Polymath weblog: http://www.archivale.com/weblog
Translation services (BeWords): http://www.bewords.com/Marc-dePiolenc
Translation services (ProZ): http://www.proz.com/profile/639380
Translation services (translatorscafe):
http://www.translatorscafe.com/cafe/profile/default.asp?LID=130919&ForOthers
=true#Profile_Start

_______________________________________________
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| Multiple-address or CCed messages may be rejected.
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Discussion Starter #3
Don't forget coal can be gasified (that has been done in other countries).
Doesn't the U.S. have hundreds of years of coal reserves? In light of this peak
oil is not the end-all argument for EVs. Less pollution, less noise, less cost
(well, hopefully eventually), less maintenance, multifuel for charging are all
great arguments.




________________________________
From: Douglas A. Stansfield <[email protected]>
To: Electric Vehicle Discussion List <[email protected]>
Sent: Sun, November 21, 2010 9:51:32 PM
Subject: Re: [EVDL] Reaction to the US News article

Have fun driving in your gas car Marc. You are delusional to think we can find
enough oil in this country to supply our current demand.


Cheap oil is becoming increasingly hard to find. Deep water, Oil shale, etc.
You have really demonstrated that you don't know the facts about our current
world oil demand.


This story is 3 days old.
http://www.reuters.com/article/idUS50409640120101118

According to the article, World Wide Peak oil was hit back in 2006!!! Funny, no
mention of that fact in the US news article.



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Discussion Starter #4
Hello,

> Don't forget coal can be gasified (that has been done in other countries).
> Doesn't the U.S. have hundreds of years of coal reserves? In light of this peak
> oil is not the end-all argument for EVs. Less pollution, less noise, less cost
> (well, hopefully eventually), less maintenance, multifuel for charging are all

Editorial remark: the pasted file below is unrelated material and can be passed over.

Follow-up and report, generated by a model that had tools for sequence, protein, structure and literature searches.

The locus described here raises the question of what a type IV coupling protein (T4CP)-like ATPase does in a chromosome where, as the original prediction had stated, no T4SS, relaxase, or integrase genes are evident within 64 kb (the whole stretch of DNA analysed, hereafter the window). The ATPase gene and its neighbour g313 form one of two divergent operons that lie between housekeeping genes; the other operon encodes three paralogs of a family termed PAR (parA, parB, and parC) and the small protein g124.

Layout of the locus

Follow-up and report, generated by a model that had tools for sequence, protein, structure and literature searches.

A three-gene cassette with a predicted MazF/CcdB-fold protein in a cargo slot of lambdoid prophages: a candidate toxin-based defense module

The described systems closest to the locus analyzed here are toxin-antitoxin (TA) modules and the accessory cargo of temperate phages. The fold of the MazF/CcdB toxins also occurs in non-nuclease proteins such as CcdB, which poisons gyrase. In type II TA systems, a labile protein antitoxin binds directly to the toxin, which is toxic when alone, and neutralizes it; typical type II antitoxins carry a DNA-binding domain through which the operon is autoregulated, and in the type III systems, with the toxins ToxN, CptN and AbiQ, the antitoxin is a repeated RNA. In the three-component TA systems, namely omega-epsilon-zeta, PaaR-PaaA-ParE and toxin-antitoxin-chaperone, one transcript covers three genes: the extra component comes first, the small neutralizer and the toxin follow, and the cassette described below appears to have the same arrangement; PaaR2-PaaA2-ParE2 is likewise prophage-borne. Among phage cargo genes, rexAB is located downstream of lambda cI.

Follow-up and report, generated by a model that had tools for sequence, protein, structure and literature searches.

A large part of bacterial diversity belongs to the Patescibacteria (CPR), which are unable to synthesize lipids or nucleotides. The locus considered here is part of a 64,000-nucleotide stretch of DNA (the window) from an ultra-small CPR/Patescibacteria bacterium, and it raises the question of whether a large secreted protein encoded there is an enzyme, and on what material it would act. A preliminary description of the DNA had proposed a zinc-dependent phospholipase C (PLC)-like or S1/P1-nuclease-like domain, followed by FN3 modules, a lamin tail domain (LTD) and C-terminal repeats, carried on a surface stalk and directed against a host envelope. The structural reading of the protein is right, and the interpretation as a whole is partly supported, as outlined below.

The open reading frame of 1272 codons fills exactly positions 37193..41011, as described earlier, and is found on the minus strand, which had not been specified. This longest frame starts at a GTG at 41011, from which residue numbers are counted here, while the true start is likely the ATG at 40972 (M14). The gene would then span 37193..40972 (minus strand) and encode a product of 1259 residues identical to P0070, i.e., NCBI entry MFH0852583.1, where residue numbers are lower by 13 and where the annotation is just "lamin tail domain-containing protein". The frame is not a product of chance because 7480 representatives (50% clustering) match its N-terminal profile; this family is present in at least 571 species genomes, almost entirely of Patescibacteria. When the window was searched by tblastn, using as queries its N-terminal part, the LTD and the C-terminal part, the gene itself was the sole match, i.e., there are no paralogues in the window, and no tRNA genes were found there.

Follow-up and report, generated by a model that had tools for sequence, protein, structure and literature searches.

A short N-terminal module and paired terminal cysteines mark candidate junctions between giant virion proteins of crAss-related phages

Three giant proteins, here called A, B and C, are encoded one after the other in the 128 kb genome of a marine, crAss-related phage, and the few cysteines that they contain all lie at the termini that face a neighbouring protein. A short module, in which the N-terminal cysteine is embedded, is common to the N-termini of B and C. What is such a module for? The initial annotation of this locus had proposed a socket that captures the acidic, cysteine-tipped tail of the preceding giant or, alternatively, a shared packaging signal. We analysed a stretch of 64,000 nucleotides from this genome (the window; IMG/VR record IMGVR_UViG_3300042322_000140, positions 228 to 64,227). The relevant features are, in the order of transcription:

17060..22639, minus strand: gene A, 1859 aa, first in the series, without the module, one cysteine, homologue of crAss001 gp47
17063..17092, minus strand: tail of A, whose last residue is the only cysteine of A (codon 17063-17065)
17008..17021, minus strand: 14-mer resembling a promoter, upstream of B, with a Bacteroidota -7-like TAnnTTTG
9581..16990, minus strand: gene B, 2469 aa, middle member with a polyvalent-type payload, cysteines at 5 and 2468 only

> great arguments.


We are probably at peak coal, right now.

http://www.energybulletin.net/stories/2010-11-20/peak-coal-nov-20
http://en.wikipedia.org/wiki/Peak_coal

We need to move to renewable energy sources as soon as possible.

Wind
Solar Heat
Solar PV
Methane (from landfills, sewage, animal and plant waste digesters)
Wave Power
Tidal Power
Hydro w/o dams
Geothermal

++++++++++

EV's save about $12,000 per 100,000 miles for fuel and maintenance costs. I wonder if the US News article author knew this?

That is based on $2.75/gallon gasoline (which is so last summer!) and $0.19/kWh electricity -- which is much higher than the average US rates. I used the RAV4 EV vs the RAV4 for this comparison.

Sincerely, Neil
http://neilblanchard.blogspot.com/


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Discussion Starter #5
Uh... that article itself says that's an extreme opinion by the "Post C,arbon" group and that there is likely 100's of years of coal:

The authors of the comment unquestionably have an agenda; they come from the Post-Carbon Institute, which clearly has an interest in promoting consideration of a world that doesn't run on fossi fuels. And that agenda is obvious in the article summary, which concludes, "Energy policies relying on cheap coal have no future." That appears to be in sharp contrast to various estimates that suggest the world's coal supply is enough to keep us going for up to several hundred years.